Benfica, the side that Milan beat in the 1990 final, were their quarter-final opponents and the reinvigorated holders won the first leg 2-0 at the San Siro, Marco Simone grabbing both goals. A goalless draw in the return leg in Lisbon booked a semi-final date with Paris Saint Germain of France. A tense first leg in Paris was settled in stoppage time by Zvonimir Boban and the away goal effectively swung the tie, with Dejan Savicevic helping himself to both goals in a 2-0 win for Milan in the second leg. They began the defence of their trophy against Ajax and they would end it by facing the same opposition in Vienna. A late goal by Patrick Kluivert, who would later play for AC Milan, gave Ajax their third, and most important, win over the Italians in this season.

1995-96: Ajax beaten in final

Ajax had been given a straightforward-looking draw in the group stage, with Real Madrid the only opponents likely to trouble them greatly. Ferencvaros and Grasshoppers Zurich had been written off from the outset and Ajax hit the ground running with a 1-0 home win over Madrid, courtesy of a Marc Overmars goal. They then put five past Ferencvaros in Hungary and easily beat Grasshoppers at home, although the Swiss side claimed a 0-0 draw in the return. That proved to be a mere speed bump, though, as Ajax won 2-0 at the Bernabeu in their next game and romped home against Ferencvaros to round off the group phase.

The quarter-finals pitted them against Borussia Dortmund, tricky opponents but goals from Edgar Davids and Kluivert gave them a 2-0 win in Germany. Kiki Musampa netted the only goal in the second leg and on they marched to meet Panathinaikos in the semi-finals. The Greeks got a surprise 1-0 victory in Amsterdam but Ajax turned the tables in the second leg, winning 3-0 to advance to their second successive final, with Serie A providing the opposition again, this time in the form of Juventus. Fabrizio Ravanelli opened the scoring early on before Jari Litmanen equalised. The game went to penalties, with Sonny Silooy's miss at 4-2 giving Juventus the trophy.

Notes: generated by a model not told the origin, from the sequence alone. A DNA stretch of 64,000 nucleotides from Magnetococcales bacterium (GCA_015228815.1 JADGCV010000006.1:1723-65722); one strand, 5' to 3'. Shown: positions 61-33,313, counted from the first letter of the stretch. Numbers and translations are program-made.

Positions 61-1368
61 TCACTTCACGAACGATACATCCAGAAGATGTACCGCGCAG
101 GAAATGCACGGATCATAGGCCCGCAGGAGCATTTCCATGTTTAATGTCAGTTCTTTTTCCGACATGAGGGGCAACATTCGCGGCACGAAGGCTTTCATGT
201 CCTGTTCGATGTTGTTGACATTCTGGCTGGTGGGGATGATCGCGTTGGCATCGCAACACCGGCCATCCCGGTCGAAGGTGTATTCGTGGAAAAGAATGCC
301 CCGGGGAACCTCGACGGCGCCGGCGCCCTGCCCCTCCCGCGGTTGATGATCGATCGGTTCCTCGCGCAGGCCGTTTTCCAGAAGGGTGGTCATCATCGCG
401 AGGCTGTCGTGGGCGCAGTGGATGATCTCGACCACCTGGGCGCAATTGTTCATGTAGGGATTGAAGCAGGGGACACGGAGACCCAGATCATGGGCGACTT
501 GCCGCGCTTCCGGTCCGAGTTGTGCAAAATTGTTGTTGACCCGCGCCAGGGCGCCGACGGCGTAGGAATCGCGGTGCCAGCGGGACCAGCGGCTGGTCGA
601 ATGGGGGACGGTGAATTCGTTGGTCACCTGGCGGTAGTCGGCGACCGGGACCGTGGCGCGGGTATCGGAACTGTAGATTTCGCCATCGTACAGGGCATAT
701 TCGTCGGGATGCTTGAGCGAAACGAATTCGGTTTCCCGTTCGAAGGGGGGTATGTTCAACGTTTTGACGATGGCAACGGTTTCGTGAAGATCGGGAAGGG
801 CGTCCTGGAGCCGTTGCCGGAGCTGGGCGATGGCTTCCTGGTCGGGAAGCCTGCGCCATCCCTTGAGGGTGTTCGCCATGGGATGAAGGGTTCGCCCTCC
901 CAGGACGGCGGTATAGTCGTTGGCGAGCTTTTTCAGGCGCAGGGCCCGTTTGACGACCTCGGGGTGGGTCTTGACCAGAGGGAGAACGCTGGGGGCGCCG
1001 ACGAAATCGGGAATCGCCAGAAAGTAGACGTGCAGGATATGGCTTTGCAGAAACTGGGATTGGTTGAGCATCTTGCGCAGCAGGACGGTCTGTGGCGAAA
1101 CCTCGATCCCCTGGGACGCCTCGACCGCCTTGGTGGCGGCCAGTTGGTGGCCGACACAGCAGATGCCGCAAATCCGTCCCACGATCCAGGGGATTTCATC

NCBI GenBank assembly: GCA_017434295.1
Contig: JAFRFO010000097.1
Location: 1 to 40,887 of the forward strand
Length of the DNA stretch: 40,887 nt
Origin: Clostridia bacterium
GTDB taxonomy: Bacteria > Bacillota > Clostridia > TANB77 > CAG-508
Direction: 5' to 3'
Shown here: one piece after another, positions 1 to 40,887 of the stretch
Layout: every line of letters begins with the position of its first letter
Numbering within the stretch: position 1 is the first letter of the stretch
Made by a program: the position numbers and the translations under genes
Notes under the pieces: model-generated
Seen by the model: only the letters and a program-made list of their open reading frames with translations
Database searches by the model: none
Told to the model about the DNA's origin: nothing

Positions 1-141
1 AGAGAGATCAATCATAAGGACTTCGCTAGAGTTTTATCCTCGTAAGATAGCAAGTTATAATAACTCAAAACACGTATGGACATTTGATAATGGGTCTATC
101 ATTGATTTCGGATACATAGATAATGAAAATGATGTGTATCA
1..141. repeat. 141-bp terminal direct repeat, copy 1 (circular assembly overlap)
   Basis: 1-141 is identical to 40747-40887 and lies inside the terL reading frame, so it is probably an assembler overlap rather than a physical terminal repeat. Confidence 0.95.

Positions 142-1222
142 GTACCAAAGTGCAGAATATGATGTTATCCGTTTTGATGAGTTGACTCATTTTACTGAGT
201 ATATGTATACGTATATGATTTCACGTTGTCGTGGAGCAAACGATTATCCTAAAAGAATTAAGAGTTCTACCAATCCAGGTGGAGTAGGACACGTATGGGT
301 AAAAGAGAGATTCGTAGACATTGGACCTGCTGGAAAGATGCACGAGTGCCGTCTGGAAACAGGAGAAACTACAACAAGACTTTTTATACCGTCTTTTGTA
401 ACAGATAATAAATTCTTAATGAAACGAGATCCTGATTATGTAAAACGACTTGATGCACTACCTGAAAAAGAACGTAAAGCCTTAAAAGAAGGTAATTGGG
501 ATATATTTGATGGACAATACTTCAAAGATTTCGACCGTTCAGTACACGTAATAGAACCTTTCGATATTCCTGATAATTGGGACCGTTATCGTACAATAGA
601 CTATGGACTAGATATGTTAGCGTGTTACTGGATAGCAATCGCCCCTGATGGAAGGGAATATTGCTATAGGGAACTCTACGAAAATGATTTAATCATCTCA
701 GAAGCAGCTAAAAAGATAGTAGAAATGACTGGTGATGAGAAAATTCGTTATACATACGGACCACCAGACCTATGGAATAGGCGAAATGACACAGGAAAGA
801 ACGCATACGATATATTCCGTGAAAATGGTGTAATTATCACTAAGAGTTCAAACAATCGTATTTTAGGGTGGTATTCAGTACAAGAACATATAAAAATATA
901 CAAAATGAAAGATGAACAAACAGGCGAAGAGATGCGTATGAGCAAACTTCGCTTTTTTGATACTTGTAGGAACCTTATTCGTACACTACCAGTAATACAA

1996-97: Juventus beaten in final

Manchester United, Rapid Vienna and Fenerbahce had the task of halting Juventus in the group stage, but the Italian juggernaut made light work of their three opponents. Wins over United and Fener got them off the ground early on before they had to settle for a 1-1 draw in Vienna. Andrzej Lesiak's goal was the only one conceded by Juve in six group games and they whacked the Austrians 5-0 in Turin before racking up further victories against United and Fener. If the rest of the competition ran as smoothly for Marcello Lippi's side, they were nailed-on certainties to retain the trophy.

Rosenborg proved tricky opponents in the quarter-finals, forcing Juve to come from behind to earn a draw in Trondheim. The holders got the job done back in Turin with a 2-0 victory, which set up a rematch with Ajax. Juve recorded a fine 2-1 result in Amsterdam and then dismantled the Dutch side at the Stadio Delle Alpi in a 4-1 romp. They were now expected to put away Borussia Dortmund in the final but the Germans did not read the script, going 2-0 up at half-time and responding to Alessandro Del Piero's second half goal by sending on Lars Ricken to crash home a superb effort that put the final to bed and stunned Juve. For the third year in a row, the defending champions had been beaten in the final.